AskDefine | Define wastefulness

Dictionary Definition

wastefulness

Noun

1 the trait of wasting resources; "a life characterized by thriftlessness and waste"; "the wastefulness of missed opportunities" [syn: thriftlessness, waste]
2 useless or profitless activity; using or expending or consuming thoughtlessly or carelessly; "if the effort brings no compensating gain it is a waste"; "mindless dissipation of natural resources" [syn: waste, dissipation]

User Contributed Dictionary

English

Etymology

wasteful + -ness

Extensive Definition

Waste, is an unwanted or undesired material or substance. It is also referred to as rubbish, trash, garbage, or junk depending upon the type of material and the regional terminology. In living organisms, waste relates to unwanted substances or toxins that are expelled from them.
Waste management is the human control of the collection, treatment and disposal of different wastes. This is in order to reduce the negative impacts waste has on environment and society.
Waste is directly linked to the human development, both technologically and socially. The composition of different wastes have varied over time and location. With industrial development and innovation being directly linked to waste materials. Examples of this include plastics and nuclear technology. Some components of waste have economical value and can be recycled once correctly recovered.
Biodegradable waste such as food waste or sewage, is broken down naturally by microorganisms either aerobically or anaerobically. If the disposal of biodegradable waste is not controlled it can cause a number of wider problems including contributing to the release of greenhouse gases and can impact upon human health via encouragement of pathogens.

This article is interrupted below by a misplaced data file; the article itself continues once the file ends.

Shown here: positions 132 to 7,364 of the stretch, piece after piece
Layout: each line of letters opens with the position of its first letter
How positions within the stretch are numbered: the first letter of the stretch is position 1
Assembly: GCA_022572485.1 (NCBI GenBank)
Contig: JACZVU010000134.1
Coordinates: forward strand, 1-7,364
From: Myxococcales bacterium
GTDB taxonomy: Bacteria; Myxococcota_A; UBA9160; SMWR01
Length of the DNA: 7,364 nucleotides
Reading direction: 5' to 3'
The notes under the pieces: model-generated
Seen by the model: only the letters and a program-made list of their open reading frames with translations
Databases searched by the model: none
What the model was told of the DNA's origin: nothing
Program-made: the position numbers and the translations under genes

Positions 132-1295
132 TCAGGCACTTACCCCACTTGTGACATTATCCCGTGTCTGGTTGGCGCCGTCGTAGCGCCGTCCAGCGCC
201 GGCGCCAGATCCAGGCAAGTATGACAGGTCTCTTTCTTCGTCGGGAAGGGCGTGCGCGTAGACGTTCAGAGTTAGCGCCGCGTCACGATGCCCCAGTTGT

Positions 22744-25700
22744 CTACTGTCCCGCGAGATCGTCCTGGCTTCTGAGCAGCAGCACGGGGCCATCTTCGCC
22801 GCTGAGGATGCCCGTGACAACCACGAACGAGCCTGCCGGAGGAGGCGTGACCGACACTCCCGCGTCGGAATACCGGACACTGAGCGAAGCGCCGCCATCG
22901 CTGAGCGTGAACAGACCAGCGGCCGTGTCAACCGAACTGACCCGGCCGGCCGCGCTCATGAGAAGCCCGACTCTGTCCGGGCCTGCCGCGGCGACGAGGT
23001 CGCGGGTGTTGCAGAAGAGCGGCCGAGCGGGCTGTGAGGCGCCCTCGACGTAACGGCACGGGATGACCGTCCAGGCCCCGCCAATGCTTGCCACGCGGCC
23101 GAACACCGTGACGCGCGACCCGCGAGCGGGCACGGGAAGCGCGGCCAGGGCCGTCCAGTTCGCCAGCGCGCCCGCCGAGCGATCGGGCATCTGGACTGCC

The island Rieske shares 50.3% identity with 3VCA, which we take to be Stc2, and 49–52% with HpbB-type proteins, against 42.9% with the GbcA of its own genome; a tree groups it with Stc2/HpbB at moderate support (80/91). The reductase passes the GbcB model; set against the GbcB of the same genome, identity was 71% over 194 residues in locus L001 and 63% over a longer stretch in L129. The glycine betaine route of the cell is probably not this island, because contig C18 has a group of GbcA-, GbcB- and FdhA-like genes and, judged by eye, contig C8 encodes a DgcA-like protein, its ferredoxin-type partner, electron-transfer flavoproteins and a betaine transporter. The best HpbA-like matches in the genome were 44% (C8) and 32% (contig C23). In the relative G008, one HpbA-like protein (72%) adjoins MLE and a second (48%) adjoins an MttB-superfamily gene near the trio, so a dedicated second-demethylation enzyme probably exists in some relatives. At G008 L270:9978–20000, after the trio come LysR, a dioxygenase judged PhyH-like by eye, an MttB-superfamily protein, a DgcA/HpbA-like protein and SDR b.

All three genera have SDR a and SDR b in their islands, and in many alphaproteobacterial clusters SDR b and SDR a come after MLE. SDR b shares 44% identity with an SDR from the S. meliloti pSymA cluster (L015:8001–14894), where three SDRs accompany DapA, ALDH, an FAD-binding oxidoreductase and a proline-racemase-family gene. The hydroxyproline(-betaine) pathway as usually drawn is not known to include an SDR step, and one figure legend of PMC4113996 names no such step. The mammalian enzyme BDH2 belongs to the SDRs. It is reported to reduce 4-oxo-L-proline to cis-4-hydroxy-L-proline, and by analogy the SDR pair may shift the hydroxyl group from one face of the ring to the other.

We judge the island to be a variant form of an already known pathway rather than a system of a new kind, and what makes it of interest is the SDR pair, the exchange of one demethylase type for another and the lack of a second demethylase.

It is difficult to define specifically what a waste is. Items that some people discard have value to others. It is widely recognised that waste materials are a valuable resource, whilst there is debate as to how this value is best realised. Governments need to define what waste is in order that it can be safely and legally managed. Different definitions need to be combined in order to ensure the safe and legal disposal of the waste.

Environmental impact

Many different types of waste have negative impacts upon the wider environment.
Waste pollution is considered a serious threat by many and can broadly be defined as any pollution associated with waste and waste management practices. Typical materials that are found in household waste which have specific environmental impacts with them include biodegradable wastes, batteries, aerosols, oils, acids and fluorescent tubes.
As a nation, Americans generate more waste than any other nation in the world with 4.5 pounds of municipal solid waste (MSW) per person per day, 55 percent of which is contributed as residential garbage. The remaining 45 percent of waste in the U.S.'s ‘waste stream' comes from manufacturing, retailing, and commercial trade in the U.S. economy .
Biodegradable waste is of specific concern as breaks down in landfills to form methane, a potent greenhouse gas. If this gas is not prevented from entering the atmosphere, by implication, it contributes to climate change.
Littering can be considered the most visible form of solid waste pollution. The act of littering for the most part constitutes disposing of waste inappropriately, typically in public places. Littering itself may or may not be an intentional action.